History in Verse


Peter Mallett Staff Writer ~

A grim and largely unacknowledged anniversary came and went over the May 24 weekend, but a poet from Edmonton has penned a few lines to help us remember.

Garth Ukrainetz, the Poet Laureate of the Blackmud Creek, wrote his poem Fourteen Hundred Men as a solemn tribute to Royal Navy vessel HMS Hood and its crew.

On May 24, 1941, the massive Admiral-class battle cruiser came under attack from German battleship Bismarck in the Strait of Denmark. It sank in less than three minutes with all but three of the 1,418 sailors killed in the attack.

The ‘Mighty Hood’ was launched in 1920 and for nearly two decades had been the largest warship in the world.

Ukrainetz said he discovered the Hood story while researching other naval vessels for his Battle of the Atlantic poetry tribute.

“I had heard about the sinking of the Hood but never realized that nearly the entire crew had died so quickly. I was shocked,” said Ukrainetz.

During the shelling, the ship’s magazine exploded. The official investigation into the explosion could not determine whether the ammunition cache was struck by a German shell or by accident from one of Hood’s gun turrets as they returned fire.

“I was struck by the fact that 1,415 brave men perished in a matter of minutes. One fluke shot from the Bismarck, which was 16 kilometres away, hit and sunk HMS Hood, the world’s largest battle cruiser, within three minutes,” said Ukrainetz.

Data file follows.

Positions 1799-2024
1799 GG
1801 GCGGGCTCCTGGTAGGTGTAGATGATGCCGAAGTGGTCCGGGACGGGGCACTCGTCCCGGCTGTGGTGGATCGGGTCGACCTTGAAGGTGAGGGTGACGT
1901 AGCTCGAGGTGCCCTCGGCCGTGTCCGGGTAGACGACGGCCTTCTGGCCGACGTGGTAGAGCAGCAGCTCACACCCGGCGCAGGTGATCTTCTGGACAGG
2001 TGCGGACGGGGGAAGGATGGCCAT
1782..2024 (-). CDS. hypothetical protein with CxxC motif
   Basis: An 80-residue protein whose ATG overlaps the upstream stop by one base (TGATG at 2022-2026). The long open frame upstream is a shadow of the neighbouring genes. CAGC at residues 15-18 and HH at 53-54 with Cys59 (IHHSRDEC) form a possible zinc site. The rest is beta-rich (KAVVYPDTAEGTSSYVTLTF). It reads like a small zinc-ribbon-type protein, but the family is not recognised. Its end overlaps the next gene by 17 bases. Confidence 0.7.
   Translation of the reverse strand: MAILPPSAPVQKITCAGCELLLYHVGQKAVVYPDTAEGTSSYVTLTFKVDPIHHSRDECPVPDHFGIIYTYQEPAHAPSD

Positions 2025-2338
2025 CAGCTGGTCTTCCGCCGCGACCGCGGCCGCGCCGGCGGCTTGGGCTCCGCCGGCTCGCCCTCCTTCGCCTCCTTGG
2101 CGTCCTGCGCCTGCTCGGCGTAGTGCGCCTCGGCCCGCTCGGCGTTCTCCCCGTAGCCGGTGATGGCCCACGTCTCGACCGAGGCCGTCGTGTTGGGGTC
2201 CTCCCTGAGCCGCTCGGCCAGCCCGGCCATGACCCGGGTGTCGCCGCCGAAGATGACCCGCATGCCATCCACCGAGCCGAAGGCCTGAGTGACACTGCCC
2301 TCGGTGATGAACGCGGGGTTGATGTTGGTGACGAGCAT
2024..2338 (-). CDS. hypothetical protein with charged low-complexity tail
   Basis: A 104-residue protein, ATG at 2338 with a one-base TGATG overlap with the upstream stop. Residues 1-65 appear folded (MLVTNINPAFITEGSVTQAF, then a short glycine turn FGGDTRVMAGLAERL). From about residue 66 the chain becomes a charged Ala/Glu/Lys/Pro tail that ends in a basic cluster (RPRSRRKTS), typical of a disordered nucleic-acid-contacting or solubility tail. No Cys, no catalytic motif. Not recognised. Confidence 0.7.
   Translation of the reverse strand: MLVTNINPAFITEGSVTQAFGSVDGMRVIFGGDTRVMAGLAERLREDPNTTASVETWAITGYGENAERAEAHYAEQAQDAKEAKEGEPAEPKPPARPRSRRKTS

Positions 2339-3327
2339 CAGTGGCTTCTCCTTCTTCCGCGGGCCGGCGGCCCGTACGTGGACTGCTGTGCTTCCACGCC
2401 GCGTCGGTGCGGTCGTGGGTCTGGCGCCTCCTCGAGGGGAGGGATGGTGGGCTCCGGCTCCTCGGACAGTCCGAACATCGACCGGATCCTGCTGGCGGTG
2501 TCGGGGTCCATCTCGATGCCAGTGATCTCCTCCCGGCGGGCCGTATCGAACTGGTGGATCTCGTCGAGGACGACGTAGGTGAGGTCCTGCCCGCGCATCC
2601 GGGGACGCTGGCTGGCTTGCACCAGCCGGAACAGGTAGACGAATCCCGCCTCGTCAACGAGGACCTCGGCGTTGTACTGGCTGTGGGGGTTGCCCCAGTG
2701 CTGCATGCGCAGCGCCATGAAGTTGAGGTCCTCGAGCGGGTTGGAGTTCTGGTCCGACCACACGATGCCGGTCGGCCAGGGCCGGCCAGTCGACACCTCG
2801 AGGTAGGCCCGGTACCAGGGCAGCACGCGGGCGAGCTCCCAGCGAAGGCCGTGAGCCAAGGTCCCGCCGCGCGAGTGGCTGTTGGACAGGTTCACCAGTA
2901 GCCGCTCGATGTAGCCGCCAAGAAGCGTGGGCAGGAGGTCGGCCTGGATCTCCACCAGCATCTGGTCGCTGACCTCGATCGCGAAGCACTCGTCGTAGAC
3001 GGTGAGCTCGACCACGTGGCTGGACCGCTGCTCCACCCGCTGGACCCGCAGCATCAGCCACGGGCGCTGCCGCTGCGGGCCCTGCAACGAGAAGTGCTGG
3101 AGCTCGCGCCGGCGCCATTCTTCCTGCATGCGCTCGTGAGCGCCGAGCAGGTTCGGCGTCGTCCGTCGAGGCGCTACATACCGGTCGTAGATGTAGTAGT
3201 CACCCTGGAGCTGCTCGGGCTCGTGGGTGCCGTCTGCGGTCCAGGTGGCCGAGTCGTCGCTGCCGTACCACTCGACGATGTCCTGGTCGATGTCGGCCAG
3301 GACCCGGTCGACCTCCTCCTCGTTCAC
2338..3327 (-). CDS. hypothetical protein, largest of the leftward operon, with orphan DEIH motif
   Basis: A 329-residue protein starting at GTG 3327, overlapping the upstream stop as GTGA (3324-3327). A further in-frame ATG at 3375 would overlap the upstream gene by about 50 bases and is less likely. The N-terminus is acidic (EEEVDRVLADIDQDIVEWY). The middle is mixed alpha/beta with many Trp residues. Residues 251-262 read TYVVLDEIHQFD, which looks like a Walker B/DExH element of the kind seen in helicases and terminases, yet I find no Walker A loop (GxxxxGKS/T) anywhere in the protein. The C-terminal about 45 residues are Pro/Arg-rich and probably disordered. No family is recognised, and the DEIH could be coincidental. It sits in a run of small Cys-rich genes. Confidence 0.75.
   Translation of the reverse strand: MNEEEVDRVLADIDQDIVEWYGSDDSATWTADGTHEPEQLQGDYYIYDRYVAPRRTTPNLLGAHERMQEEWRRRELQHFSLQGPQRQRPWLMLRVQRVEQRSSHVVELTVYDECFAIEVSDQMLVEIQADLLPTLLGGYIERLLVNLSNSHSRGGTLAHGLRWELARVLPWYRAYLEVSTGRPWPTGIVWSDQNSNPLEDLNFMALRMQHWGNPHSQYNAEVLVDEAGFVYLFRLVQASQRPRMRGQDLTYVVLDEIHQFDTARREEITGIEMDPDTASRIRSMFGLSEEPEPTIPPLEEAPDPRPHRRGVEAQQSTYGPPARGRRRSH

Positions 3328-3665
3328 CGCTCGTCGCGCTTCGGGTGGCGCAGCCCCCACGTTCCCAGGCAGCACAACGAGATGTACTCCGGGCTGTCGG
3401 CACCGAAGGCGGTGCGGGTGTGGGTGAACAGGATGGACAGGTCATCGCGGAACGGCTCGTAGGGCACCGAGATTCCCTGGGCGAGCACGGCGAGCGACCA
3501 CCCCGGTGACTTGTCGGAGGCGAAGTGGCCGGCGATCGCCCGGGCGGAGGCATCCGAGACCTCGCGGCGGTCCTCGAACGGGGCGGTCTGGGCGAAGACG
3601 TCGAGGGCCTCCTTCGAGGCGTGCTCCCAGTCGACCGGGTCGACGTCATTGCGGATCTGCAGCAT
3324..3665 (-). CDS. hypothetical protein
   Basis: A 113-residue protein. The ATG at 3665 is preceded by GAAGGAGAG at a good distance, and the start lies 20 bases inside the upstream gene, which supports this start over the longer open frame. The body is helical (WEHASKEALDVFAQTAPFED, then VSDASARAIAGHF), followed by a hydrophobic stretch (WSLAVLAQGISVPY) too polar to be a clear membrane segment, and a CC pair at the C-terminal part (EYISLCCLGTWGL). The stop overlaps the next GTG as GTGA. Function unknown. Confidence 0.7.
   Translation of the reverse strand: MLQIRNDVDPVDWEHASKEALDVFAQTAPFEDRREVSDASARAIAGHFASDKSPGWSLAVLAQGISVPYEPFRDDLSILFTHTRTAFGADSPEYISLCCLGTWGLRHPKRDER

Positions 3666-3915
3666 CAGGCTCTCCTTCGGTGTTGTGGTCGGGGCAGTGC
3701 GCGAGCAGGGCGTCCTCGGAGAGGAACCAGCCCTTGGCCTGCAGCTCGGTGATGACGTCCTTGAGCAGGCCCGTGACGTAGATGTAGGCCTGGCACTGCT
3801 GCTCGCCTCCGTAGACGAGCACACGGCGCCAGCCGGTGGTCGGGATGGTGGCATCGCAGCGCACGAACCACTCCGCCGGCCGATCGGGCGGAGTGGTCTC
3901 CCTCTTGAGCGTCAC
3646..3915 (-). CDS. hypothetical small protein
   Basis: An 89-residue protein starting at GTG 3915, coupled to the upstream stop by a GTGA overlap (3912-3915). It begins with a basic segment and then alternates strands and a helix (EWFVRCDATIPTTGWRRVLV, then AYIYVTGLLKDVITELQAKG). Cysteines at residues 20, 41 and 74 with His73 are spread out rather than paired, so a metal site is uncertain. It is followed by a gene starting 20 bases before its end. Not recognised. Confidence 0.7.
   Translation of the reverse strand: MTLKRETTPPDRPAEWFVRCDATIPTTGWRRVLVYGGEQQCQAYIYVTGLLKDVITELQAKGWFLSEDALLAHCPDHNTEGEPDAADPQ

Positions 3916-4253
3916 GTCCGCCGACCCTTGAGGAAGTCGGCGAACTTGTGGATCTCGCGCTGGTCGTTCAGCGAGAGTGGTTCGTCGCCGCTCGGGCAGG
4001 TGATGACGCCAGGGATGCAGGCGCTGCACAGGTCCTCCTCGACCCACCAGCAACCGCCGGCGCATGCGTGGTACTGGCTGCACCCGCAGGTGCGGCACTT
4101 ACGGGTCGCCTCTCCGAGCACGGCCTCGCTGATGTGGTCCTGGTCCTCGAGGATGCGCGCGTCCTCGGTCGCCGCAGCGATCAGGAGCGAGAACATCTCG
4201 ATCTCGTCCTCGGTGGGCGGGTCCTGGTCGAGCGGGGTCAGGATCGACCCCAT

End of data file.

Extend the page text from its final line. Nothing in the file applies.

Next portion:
Ukrainetz, a former newspaper cartoonist, has been writing poetry most of his life. He lives beside the beautiful Blackmud Creek in Edmonton and operates a small picture framing shop in Leduc. With business slowing to a trickle due to physical distancing measures related to the COVID-19 pandemic, he has more time to write poetry.

He has always been interested in naval and military history despite being born and raised on land-locked Saskatchewan Prairie.

“The Prairie is like a flat pancake and in many ways it is similar to the ocean,” he says. “Some of the best sailors in Canada come from my home province.”

He is currently working on a series of five poems featuring the 111 Flower-class corvettes of the Royal Canadian Navy, with his latest poem called “Flowers of the North”.

Some of his poems are on YouTube, including the poem Juno Beach written last year in tribute to the Royal Regina Rifles, which suffered heavy casualties upon landing at Juno Beach on D-Day (https://www.youtube.com/watch?v=b5poW1HPh2E) and a poem about HMCS Rosthern, a Second World War flower-class corvette named after the town located just north of Saskatoon  (https://www.youtube.com/watch?v=BxIWj9CjfAs).

 “My commemorative Second World War poetry is my way of saying ‘thank you’ to that special generation who worked hard, fought fiercely, and sacrificed so much to protect the freedom and liberty we all continue to enjoy today,” says Ukrainetz.

“Fourteen Hundred Men”
By Garth Paul Ukrainetz
Poet Laureate of the Blackmud Creek

Fourteen Hundred men went down
To bottom of the sea
Their wives and girlfriends up above
With broken hearts they’ll be
Their mothers and their sisters cried
A nation mournfully
Fourteen Hundred men went down
To bottom of the sea

The cannons roared from Bismarck ship
10 miles or so away
A shell was shot into the air
The price of war to pay
Explosive blast, she sank so fast
The 24th of May
She fought for good, the Mighty Hood
But lost the fight that day

Fourteen Hundred men went down
To bottom of the sea
A heroes’ gate in Denmark Strait
For sons of liberty
The tears, the trials, the British Isles
The brave, the proud, the free
Fourteen Hundred men went down
To bottom of the sea

©2020 Garth Paul Ukrainetz


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